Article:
About Dr Robb Dunphy
Dr Dunphy is a Lecturer in Philosophy at the New College of the Humanities. He studied philosophy at the University of Warwick for his undergraduate and master’s degrees. His PhD in philosophy is from the University of Sussex, written under the supervision of Professor Tanja Staehler and examined by Dr Katerina Deligiorgi and Professor Stephen Houlgate. Since being awarded his doctorate he has taught philosophy at the University of Sussex and at the University of Winchester. He has also been a Junior Research Fellow at the Maimonides Centre for Advanced Studies at the University of Hamburg and an IRC Postdoctoral Researcher in the School of Philosophy at University College Dublin.
Dr Robb Dunphy's Research
Dr Dunphy’s primary research interests are in epistemological and metaphysical topics in the history of philosophy, particularly in ancient sceptical philosophy and in classical German philosophy.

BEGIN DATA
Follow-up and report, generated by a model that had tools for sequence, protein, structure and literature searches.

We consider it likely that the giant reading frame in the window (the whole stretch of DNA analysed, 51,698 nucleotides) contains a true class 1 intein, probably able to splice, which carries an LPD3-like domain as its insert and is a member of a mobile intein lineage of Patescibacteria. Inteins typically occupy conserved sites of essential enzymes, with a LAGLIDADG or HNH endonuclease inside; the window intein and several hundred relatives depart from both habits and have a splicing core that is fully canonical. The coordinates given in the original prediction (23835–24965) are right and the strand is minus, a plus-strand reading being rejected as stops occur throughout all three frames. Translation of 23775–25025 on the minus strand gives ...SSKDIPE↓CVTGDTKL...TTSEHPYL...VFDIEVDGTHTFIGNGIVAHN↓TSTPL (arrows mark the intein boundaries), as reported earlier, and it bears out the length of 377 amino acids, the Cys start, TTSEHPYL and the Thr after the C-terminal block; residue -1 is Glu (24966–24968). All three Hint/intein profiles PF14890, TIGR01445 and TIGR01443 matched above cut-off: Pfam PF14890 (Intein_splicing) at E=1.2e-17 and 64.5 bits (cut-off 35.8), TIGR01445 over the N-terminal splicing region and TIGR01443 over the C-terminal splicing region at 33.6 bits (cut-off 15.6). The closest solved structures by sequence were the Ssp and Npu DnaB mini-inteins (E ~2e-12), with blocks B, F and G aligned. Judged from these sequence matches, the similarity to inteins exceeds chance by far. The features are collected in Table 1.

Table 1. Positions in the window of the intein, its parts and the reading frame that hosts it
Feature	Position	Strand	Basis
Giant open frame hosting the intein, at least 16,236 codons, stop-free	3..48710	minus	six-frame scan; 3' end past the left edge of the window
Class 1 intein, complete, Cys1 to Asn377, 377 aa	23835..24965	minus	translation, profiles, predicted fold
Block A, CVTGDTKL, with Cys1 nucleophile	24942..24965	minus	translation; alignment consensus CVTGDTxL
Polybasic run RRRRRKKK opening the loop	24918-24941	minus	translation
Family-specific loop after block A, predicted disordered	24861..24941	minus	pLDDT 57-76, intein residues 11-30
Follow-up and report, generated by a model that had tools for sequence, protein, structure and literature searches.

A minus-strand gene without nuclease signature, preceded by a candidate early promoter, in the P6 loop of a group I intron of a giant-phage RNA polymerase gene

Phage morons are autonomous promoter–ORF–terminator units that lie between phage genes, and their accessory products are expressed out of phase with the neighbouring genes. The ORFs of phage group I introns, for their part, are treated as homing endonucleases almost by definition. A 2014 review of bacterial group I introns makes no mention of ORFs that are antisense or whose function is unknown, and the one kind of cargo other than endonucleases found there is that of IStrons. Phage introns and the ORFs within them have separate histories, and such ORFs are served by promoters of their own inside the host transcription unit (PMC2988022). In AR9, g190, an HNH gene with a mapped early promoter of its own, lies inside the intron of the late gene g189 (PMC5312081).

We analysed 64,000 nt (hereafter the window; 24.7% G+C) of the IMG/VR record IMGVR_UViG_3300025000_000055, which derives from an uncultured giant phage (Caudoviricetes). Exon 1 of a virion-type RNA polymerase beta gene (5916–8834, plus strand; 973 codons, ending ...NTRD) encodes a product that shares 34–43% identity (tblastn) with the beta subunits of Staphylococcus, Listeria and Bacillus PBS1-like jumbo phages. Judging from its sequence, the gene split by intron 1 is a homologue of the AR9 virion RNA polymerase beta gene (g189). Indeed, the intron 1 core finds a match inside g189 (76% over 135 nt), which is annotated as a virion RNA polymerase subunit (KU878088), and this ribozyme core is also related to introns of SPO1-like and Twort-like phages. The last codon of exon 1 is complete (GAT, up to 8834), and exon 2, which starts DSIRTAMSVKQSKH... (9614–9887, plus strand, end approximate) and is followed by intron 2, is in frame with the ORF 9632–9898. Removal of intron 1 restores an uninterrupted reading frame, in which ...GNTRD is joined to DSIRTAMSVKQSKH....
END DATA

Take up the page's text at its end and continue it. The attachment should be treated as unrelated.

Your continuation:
Hegel and the Problem of Beginning: Scepticism and Presuppositionlessness, London: Rowman and Littlefield, Forthcoming
“From Proto-Sceptic to Sceptic in Sextus’ Outlines of Pyrrhonism” Apeiron: A Journal of Ancient Philosophy and Science, doi.org/10.1515/apeiron-2021-0006
“Hegel and the Problem of Beginning” Hegel Bulletin, doi:10.1017/hgl/2020.11
“On the Incompatibility of Hegel’s Phenomenology with the Beginning of his Logic” Review of Metaphysics Volume 74 Issue 293, 2020, pp.81-119
“Agrippan Problems” Logos and Episteme Volume 13 Issue 3, 2020, pp.259-282
“Schulze’s Scepticism and the Rise and Rise of German Idealism” in Metaphysics as a Science in Classical German Philosophy, Eds. R. Dunphy and T. Lovat, London: Routledge, Forthcoming
Dr Robb Dunphy's Teaching
Before coming to NCH Dr Dunphy taught philosophy at the Universities of Sussex and at Winchester. He has taught philosophy both at undergraduate and postgraduate levels, in lecture, seminar, and tutorial format.
He has previously taught modules on various topics including epistemology, existentialism, early modern philosophy, Kant, ethics and normativity, philosophical research skills, and figures in social and political philosophy.